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    Default

    Save up get it removed and mapped out there not worth the hastle

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    Regular Member Critch's Avatar
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    Vehicle : vauxhall vivaro

    Trim : Basic

    Engine : 1.9

    Year : 2004

    Default

    Take it for a drive on motorway keep revs over 3000rpm get exhaust hot should regen ok then

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    @wheelspin I have the flashing glow plug light and no matter what I've done to drive the car the recommended way to complete a regen all I get is loads of white smoke. Let me know how you get on!

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    Default

    Guys,
    Checked the front and rear differential pipes with compressed air and they are clear. What kind of KPA and voltage readings should I be getting when idling and driving?
    Micky86 will let you know what happens.

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    In that 20 mins in which the car was doing the regen, the exhaust temperature may not have reached 600 degrees in the DPF (due to the way in which the car was being driven) and so the fall in saturation may have been 0. Its really important that during a regen you get the revs up and get the engine load up (the ideal thing for dpf regen would be a hill climb for example).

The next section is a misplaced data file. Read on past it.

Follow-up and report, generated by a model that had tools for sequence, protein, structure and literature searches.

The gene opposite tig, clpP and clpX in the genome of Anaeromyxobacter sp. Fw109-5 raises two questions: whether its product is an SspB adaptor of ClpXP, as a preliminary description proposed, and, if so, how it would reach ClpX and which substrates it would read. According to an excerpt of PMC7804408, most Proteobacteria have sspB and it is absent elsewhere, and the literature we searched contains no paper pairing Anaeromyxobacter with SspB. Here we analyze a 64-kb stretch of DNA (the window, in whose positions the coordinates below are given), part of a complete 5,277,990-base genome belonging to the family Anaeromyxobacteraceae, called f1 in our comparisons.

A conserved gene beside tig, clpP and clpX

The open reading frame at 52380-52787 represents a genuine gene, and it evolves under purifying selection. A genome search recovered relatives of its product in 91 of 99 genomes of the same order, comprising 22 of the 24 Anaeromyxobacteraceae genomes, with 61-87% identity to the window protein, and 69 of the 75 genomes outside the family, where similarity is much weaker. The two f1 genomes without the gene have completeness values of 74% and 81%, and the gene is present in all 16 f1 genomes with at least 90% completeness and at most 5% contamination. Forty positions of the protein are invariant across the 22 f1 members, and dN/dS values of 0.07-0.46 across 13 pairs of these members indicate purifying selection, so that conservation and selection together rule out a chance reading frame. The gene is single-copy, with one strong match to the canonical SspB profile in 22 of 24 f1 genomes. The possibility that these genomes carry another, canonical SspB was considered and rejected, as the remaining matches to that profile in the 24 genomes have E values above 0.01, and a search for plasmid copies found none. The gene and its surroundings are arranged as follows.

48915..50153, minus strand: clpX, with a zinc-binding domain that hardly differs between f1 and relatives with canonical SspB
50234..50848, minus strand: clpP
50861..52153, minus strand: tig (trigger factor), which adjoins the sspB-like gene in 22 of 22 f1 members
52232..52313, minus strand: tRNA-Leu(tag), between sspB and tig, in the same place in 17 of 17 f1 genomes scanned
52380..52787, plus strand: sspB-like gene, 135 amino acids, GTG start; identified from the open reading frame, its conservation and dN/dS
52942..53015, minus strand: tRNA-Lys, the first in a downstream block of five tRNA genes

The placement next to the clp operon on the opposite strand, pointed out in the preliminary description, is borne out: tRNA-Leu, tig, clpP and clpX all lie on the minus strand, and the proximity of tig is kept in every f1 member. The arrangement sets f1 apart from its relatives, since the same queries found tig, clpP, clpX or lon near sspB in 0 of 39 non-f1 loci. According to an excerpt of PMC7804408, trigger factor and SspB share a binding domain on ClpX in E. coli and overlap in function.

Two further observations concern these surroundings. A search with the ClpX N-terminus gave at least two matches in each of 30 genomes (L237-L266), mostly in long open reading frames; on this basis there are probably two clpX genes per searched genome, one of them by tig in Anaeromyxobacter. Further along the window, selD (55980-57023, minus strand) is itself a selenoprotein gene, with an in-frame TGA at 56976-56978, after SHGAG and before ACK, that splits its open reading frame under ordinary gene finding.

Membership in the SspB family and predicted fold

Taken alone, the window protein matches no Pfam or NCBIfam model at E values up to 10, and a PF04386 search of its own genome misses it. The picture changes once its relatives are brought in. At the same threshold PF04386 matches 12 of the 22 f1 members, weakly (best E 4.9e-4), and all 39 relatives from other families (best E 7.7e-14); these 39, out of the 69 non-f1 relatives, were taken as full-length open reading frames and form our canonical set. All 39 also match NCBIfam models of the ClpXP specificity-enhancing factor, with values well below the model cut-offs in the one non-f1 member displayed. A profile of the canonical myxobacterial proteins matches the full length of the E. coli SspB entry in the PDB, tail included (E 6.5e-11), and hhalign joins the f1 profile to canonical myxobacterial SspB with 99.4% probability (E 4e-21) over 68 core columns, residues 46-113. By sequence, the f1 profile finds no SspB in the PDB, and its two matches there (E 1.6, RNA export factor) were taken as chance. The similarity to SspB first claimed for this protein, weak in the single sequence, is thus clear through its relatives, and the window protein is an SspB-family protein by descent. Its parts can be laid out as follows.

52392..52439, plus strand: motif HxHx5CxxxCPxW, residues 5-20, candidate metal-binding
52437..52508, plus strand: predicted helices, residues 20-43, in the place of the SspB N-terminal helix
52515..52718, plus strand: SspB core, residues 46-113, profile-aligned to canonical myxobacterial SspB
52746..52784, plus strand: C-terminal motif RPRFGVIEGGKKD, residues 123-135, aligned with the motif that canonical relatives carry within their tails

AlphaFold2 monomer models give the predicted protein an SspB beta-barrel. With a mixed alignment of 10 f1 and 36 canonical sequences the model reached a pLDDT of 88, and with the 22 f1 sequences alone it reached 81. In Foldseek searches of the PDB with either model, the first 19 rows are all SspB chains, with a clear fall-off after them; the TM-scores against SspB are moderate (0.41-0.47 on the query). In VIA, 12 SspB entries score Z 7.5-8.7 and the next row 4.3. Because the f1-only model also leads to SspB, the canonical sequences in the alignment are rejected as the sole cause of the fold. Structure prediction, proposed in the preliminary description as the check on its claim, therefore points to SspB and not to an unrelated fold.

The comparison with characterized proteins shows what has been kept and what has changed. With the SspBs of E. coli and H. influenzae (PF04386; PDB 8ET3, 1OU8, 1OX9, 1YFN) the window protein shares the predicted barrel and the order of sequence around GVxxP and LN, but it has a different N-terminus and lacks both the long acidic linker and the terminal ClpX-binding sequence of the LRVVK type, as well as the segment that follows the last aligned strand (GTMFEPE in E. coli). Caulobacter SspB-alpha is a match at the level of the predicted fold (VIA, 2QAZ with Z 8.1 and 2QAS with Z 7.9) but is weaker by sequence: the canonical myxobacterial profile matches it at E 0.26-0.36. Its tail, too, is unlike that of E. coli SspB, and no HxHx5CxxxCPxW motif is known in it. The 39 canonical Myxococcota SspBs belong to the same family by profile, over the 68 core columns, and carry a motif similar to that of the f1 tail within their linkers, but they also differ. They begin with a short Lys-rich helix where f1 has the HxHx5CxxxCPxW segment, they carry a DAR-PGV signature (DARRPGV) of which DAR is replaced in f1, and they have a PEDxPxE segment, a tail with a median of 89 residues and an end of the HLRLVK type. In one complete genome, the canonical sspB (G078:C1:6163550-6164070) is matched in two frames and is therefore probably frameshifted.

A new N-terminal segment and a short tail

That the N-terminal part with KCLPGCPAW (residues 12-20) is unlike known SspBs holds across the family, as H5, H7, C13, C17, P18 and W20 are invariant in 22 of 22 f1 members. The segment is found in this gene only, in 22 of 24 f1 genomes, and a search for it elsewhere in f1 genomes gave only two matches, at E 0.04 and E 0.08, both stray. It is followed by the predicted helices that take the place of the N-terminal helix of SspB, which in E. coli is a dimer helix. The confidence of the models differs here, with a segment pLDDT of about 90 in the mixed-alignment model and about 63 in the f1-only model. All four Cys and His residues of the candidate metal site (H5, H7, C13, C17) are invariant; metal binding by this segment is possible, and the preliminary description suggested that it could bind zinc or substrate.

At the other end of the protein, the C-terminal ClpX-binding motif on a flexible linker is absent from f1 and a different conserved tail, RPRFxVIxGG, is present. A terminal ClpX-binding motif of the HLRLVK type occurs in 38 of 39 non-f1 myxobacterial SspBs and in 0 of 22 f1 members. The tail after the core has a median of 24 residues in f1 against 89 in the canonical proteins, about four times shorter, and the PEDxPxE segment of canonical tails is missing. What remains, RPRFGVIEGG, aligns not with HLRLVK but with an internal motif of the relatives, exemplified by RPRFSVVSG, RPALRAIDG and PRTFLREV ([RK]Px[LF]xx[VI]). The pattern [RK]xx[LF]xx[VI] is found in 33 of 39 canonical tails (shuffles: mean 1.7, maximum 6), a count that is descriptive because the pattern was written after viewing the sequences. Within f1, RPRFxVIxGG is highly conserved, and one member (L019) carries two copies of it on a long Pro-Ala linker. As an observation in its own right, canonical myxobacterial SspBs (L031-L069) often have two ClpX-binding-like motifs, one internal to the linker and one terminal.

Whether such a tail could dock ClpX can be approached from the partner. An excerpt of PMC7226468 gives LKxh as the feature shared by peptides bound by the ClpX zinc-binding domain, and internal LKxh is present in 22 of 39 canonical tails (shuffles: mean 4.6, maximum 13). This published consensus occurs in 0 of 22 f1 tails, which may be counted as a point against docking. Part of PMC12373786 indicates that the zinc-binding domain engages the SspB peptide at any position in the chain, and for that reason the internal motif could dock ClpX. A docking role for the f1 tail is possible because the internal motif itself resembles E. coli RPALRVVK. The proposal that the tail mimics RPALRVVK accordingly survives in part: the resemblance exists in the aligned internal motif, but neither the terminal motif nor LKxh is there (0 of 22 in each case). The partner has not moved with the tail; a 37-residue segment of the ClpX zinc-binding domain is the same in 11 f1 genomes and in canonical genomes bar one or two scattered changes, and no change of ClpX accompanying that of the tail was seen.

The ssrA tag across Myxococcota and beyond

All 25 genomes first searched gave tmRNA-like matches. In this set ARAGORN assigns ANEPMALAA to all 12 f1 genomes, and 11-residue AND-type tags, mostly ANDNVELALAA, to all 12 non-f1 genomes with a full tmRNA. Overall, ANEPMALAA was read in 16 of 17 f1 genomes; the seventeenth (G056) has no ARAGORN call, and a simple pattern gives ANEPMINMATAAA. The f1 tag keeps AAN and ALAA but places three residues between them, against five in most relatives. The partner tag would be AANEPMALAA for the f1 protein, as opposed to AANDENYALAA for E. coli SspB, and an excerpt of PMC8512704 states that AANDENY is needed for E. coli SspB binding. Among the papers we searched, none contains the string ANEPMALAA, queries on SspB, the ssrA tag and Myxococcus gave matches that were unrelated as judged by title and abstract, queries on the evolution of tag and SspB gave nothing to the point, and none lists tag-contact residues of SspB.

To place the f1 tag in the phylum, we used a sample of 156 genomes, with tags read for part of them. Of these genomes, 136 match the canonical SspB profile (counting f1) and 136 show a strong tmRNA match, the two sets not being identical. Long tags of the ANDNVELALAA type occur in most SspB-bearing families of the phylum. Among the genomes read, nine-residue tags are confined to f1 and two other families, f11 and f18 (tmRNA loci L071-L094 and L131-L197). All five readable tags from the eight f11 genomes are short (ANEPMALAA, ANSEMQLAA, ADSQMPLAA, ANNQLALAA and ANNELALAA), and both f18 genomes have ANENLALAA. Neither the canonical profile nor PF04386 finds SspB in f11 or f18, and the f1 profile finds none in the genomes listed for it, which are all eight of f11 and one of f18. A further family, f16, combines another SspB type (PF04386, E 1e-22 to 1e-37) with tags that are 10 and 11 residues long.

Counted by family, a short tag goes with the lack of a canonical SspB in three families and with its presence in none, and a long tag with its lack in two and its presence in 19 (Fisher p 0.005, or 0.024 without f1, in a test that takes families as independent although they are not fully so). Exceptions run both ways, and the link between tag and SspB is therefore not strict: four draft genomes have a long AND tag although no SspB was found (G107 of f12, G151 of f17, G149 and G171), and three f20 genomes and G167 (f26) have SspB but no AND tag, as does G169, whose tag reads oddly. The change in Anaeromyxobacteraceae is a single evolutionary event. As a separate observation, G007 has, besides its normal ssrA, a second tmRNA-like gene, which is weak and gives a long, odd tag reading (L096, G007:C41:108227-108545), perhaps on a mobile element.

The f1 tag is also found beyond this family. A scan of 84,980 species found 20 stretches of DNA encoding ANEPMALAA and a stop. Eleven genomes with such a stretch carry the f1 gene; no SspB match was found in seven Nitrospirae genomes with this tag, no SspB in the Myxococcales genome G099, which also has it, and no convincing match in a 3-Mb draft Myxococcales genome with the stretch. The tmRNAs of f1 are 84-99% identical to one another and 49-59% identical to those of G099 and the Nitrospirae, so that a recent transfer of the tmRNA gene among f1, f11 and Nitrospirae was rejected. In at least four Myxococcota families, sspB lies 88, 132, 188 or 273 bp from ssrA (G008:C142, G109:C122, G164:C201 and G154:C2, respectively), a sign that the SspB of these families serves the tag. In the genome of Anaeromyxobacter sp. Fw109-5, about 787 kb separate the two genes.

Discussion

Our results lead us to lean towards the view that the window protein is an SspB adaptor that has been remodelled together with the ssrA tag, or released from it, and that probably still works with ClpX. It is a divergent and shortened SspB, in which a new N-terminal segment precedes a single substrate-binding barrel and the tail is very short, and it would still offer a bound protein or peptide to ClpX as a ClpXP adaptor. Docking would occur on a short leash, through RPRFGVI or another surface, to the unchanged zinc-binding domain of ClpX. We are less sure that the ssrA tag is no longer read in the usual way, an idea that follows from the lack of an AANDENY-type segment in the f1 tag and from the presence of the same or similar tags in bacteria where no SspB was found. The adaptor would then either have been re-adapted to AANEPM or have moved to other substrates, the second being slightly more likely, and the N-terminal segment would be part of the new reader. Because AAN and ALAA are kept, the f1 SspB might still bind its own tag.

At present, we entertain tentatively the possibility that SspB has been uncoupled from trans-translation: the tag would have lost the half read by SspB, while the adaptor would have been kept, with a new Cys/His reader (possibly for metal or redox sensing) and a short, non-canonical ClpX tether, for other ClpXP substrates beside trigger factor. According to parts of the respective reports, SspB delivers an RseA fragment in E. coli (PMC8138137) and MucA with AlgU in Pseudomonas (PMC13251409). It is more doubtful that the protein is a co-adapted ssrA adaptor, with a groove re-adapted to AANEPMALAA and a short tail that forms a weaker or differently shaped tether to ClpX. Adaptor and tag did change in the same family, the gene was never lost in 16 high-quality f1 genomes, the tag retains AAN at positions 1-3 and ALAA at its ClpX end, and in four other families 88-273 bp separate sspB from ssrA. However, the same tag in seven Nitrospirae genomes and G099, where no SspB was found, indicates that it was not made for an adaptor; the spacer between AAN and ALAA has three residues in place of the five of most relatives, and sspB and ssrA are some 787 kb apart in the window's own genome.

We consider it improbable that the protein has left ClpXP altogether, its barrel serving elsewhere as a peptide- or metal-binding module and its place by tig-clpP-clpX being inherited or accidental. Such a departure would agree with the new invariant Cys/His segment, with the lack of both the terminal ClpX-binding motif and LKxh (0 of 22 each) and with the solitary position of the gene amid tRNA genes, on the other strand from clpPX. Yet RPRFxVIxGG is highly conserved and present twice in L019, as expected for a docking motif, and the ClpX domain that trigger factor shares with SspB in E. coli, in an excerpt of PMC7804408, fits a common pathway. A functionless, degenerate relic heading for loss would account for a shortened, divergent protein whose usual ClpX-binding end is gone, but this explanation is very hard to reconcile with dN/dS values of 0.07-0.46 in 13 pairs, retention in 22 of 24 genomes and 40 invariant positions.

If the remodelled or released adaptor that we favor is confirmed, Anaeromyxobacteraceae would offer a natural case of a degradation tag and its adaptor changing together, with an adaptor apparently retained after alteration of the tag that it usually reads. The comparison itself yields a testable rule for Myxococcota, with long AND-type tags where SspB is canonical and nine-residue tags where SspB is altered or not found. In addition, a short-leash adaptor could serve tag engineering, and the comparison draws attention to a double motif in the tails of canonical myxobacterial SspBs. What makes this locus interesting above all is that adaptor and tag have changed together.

Even after a dealer does a forced regen the saturation is set to 80% so that shortly after the car will attempt another regen to get the saturation down further. This is because regen is much more effective when the car is driven (i.e. engine loaded) as opposed to being sat in a car park with a computer revving the nuts of your car.